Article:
According to a survey of nearly 1,000 sales and marketing professionals by Demand Gen Report, nearly half of respondents said a lack of communication was the biggest challenge in aligning sales and marketing teams. Flawed processes and different KPIs were also cited as large contributors to the disconnect between the two functions. But communication and cooperation between sales and marketing is critical to both acquiring and retaining customers.
Talking to the Customer
Both sales and marketing teams need to understand why customers are buying. The sales team needs to engage with the customer and ask what problem do they need to solve and what keeps them up at night. What’s happening in their industry and what do they need to stand out among their competition? A common mistake both sales and marketing make is talking too much about the value of their product or service. What motivates people to buy is pain – any customer needs to see how your product or service meets their needs. The more you speak their language, the more your message will resonate and convert that customer.
Once sales determines what customers respond to, they can share that knowledge with marketing, which can then use that to develop campaign messaging. It’s really incumbent on sales to understand the criteria on which prospects will base their decisions so that marketing can provide the most compelling collateral. For example, marketing can put together a case study showcasing how the company’s product or service specifically solved a customer’s problem or pain.
Proposals are another area where sales should take advantage of marketing’s expertise in messaging and presentations. A good proposal is what helps get sales over the line.
Often, there is tension between marketing and sales when it comes to lead generation. Marketing’s focus is to fill the top of the funnel but the focus of sales is on lead quality. This is where alignment is necessary. The key to targeting qualified leads is to create an ideal client profile – demographics, interests, goals, pain points. This is challenging and everyone – marketing, sales, operations, client support, project management – needs to be involved. This profile is essential to building effective business development strategies and keeping marketing and sales aligned.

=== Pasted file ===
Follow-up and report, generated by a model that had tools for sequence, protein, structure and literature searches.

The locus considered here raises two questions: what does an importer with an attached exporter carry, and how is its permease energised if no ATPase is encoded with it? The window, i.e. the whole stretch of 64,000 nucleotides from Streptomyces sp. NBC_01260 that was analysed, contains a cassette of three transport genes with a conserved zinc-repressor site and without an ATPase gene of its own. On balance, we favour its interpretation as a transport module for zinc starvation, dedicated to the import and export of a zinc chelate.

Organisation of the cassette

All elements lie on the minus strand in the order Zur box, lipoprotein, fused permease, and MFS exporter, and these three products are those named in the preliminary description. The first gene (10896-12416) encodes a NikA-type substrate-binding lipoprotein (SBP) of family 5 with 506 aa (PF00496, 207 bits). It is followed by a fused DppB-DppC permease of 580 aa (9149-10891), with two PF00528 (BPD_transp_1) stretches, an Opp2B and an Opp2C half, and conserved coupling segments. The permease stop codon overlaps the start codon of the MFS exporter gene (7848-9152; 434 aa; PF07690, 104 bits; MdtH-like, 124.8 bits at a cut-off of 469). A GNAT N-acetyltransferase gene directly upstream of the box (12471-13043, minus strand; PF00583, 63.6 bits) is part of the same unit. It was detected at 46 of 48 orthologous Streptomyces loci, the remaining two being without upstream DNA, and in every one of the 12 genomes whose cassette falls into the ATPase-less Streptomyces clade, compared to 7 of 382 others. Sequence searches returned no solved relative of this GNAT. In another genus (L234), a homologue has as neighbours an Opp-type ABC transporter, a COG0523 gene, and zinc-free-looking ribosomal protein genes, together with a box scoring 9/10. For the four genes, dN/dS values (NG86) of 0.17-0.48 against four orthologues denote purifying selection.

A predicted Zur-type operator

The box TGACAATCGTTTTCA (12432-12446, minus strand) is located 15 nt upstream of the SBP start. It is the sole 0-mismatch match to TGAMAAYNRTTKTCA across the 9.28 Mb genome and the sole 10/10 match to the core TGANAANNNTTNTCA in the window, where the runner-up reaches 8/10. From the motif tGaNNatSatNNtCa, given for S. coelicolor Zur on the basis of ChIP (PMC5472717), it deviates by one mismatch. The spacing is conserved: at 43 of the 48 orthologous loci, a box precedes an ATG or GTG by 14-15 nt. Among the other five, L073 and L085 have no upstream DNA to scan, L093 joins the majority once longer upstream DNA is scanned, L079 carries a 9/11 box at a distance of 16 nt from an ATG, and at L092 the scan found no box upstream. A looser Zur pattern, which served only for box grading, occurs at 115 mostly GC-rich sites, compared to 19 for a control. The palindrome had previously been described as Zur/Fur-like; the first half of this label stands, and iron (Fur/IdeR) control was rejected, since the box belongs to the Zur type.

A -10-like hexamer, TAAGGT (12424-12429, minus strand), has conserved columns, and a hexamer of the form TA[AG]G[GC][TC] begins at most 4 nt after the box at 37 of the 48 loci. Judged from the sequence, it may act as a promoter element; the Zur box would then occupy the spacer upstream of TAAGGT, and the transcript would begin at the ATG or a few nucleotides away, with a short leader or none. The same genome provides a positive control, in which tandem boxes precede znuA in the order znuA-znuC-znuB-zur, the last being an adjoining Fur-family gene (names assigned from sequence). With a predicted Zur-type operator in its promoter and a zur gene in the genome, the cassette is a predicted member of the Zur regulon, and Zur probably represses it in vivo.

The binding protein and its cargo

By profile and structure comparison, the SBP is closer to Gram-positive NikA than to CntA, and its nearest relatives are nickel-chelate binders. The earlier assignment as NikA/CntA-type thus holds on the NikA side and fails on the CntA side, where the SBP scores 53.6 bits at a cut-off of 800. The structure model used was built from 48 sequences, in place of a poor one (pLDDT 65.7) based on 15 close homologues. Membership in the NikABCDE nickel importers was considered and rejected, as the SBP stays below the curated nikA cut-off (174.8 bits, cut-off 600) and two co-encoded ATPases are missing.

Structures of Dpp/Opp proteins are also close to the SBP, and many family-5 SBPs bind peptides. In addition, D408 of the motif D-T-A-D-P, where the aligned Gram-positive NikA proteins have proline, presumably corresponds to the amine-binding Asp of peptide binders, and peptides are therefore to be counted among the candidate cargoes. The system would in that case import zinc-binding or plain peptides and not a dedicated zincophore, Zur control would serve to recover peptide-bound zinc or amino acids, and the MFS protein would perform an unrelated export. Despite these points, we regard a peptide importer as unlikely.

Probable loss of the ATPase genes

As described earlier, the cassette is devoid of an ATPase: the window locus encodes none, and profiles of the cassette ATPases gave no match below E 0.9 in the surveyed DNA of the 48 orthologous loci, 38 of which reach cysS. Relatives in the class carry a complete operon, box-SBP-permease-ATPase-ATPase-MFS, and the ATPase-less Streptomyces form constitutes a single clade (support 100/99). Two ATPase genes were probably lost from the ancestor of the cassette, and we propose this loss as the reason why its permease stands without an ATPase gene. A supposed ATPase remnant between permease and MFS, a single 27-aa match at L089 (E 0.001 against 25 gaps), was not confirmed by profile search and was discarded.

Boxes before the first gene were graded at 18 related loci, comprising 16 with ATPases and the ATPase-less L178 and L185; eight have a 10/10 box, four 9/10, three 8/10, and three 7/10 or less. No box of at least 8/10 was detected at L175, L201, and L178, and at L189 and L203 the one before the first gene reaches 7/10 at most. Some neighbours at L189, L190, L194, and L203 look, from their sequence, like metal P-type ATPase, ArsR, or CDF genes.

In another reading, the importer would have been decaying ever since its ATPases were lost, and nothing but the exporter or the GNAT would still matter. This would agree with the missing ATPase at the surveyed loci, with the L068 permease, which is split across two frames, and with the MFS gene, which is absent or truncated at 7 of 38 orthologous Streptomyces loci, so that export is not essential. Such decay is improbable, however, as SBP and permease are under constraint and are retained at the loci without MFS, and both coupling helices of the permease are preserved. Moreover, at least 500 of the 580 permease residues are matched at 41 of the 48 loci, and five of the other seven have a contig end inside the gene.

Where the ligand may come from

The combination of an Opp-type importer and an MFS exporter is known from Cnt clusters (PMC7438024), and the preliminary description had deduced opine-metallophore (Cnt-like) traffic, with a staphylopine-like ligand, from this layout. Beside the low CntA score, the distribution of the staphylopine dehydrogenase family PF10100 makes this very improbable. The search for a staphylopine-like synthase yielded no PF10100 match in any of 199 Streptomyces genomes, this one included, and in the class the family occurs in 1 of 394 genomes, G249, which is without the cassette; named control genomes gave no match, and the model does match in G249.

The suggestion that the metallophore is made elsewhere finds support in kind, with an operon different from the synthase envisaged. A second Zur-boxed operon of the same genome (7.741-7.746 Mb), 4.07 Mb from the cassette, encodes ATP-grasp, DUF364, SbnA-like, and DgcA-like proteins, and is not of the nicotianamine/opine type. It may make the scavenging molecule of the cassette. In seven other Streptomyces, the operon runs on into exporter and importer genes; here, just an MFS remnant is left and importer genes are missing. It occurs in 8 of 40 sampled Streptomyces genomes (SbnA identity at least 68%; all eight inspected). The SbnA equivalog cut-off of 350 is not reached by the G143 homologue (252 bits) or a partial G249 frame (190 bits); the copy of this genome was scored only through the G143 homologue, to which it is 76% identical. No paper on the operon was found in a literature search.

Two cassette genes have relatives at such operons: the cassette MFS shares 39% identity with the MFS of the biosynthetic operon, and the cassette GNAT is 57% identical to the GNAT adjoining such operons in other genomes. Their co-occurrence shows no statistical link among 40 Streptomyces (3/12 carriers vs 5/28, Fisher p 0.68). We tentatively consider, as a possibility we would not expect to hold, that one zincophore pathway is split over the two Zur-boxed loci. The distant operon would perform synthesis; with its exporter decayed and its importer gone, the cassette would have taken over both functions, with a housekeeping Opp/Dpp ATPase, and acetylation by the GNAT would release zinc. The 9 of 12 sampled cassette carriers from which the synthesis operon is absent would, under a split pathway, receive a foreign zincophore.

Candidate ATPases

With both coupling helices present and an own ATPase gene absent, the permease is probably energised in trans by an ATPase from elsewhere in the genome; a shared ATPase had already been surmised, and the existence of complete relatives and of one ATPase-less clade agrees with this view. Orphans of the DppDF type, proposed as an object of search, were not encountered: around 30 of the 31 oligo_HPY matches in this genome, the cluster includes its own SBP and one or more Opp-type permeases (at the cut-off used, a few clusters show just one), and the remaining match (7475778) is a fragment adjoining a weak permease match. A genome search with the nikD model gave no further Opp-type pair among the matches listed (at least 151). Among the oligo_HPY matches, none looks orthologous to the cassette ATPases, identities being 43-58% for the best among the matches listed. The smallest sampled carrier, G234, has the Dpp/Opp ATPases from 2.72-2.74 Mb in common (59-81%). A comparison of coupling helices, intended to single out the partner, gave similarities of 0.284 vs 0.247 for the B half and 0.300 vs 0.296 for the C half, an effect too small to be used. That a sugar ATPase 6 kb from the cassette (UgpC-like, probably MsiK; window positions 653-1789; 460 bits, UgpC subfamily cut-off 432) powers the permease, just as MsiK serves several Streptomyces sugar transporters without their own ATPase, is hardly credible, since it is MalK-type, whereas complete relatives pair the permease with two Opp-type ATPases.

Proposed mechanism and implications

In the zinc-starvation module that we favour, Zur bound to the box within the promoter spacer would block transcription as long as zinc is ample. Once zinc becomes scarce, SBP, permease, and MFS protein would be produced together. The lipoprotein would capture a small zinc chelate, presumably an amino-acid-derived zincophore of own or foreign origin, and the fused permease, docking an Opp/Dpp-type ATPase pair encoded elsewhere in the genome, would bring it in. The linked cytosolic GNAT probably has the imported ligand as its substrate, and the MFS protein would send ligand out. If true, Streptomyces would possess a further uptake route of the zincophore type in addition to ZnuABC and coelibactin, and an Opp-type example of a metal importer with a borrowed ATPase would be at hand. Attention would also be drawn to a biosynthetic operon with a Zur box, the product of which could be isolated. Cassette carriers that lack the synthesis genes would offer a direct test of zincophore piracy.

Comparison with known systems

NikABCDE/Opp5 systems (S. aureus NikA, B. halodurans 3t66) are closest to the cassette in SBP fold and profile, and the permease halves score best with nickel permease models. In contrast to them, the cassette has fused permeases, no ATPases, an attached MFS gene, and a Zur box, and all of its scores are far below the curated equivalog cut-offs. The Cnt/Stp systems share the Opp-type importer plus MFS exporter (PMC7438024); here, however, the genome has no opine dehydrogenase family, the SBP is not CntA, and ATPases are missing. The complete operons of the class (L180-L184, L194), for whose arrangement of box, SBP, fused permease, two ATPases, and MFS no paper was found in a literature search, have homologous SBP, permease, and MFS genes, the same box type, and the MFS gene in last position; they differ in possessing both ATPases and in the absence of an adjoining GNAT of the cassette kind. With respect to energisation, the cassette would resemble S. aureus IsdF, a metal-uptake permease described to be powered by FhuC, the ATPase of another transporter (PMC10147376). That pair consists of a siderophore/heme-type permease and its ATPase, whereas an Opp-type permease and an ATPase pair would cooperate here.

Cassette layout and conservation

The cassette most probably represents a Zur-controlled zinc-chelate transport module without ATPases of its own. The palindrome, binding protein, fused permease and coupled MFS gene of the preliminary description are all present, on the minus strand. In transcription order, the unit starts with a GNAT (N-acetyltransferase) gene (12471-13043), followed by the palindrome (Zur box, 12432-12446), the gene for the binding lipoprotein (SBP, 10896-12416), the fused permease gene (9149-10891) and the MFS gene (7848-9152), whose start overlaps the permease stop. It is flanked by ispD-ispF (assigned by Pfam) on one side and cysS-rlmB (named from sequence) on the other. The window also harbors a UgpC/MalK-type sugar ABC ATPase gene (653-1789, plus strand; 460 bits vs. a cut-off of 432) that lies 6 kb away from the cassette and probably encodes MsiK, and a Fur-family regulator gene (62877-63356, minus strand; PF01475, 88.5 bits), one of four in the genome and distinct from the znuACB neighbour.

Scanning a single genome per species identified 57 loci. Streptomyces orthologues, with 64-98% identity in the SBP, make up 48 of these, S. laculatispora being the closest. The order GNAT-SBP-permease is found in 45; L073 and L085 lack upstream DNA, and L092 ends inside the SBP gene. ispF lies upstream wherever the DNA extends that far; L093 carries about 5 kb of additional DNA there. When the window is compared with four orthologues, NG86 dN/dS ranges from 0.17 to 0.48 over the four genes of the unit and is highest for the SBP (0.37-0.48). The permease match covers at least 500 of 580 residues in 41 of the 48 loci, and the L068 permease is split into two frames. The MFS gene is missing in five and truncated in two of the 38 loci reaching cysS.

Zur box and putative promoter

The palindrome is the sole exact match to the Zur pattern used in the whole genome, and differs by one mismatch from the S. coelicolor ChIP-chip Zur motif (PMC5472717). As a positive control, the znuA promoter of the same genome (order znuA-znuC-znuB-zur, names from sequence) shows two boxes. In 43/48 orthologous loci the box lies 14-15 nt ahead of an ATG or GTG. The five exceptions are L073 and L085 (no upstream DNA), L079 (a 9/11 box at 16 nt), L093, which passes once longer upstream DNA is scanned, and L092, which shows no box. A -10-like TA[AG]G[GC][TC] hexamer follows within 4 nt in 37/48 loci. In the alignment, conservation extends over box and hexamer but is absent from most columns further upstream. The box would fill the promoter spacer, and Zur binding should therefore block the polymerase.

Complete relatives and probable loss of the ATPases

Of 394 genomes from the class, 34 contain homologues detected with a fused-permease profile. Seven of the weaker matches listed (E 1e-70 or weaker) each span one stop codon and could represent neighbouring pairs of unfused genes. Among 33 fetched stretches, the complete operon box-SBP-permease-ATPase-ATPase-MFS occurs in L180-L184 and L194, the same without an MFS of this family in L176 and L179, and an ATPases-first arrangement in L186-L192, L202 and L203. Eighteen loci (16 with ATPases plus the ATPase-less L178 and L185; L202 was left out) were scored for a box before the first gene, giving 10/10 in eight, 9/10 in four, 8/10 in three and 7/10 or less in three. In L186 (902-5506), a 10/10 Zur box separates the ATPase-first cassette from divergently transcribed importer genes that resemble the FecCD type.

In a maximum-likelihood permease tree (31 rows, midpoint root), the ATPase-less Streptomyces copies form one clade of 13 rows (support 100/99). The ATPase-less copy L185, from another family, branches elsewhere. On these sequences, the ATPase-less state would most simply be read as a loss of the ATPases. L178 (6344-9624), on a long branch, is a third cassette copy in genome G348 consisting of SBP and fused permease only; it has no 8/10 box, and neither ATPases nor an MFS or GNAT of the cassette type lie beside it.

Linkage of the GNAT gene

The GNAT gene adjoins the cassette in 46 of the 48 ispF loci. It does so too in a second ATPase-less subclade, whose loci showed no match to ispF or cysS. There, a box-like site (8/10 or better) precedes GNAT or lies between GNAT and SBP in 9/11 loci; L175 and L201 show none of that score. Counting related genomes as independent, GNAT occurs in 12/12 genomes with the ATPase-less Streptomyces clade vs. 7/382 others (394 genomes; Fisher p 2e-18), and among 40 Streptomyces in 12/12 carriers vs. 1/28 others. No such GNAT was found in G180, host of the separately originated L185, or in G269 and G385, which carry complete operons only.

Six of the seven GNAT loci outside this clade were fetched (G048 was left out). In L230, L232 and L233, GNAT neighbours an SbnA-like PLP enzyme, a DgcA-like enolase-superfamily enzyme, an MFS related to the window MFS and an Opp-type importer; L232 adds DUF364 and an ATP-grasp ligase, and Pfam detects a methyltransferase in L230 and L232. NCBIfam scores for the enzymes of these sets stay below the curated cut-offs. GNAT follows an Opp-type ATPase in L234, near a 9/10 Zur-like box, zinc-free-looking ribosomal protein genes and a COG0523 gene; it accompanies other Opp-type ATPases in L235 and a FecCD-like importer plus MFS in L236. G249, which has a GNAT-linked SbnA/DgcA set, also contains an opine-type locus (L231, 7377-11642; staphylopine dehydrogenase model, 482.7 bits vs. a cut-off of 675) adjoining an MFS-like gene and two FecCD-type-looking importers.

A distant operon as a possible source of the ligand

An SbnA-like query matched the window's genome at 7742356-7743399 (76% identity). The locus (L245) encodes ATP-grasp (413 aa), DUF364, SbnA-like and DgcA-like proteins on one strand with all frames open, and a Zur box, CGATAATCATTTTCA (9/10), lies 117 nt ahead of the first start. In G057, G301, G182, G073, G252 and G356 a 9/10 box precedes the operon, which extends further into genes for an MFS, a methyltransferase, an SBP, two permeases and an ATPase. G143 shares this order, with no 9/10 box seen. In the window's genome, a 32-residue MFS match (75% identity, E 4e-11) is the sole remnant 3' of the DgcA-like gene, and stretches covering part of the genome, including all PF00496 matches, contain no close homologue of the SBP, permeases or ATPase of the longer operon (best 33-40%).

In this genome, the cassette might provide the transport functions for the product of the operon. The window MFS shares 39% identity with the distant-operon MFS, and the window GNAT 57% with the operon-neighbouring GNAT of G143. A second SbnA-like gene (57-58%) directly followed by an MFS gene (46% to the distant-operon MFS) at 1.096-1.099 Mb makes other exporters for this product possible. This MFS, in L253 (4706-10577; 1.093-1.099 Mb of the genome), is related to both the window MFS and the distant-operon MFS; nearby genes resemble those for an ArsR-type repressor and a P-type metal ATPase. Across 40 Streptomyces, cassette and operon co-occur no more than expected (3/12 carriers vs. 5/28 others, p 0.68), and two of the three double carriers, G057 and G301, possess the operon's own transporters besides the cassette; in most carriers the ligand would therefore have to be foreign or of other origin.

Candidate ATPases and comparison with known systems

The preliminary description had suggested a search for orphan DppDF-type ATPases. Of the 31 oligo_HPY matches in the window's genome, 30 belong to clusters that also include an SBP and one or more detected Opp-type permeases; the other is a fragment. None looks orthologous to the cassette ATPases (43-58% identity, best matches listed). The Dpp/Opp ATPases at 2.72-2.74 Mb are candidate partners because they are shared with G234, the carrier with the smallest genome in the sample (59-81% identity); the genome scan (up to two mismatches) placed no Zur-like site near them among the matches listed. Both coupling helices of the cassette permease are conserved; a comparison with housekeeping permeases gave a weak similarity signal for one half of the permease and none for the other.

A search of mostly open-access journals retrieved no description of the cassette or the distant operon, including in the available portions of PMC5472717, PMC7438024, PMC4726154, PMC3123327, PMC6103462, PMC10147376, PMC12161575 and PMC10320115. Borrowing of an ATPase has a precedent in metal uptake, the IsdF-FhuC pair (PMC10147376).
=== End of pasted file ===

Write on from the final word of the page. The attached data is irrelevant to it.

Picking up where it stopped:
While not every lead will result in a conversion, it’s important for sales to keep in mind that not every lead needs to be perfect. Lead scoring can be helpful but sales shouldn’t only take the high-scoring leads. They need to be able to convert people who are not immediately convinced. At the same time, marketing needs to work hard to make sure the leads they generate are as good as possible.
Sales needs to think about what leads, aka potential buyers, want to see and hear about, once they enter the pipeline, to drive their decision-making process, and then share that information with marketing, which can create effective collateral for a sales toolkit.
Once prospects become customers, marketing can play a valuable role in customer retention. Through surveys and social media, they can collect customer feedback and share with sales and other relevant teams to improve customer support. They can also target existing customers to encourage adoption of additional products or services. Make sure your customers are aware of everything you do. Ideally, you want your company to be a walled garden where your customers have no reason to use another company for products or services you offer.
Time and again, we see that the more sales and marketing connect, the more they realize they have the same goal. Regular meetings and communication are essential. Competition for customers is fierce, and the only way for both sales and marketing to succeed is to communicate, share insights and remember that they are on the same team.
Doug Lotierzo is a consultant at Neuberger & Company, which offers sales and leadership training to businesses of all sizes. Neuberger & Company is a proud AMA Baltimore sponsor.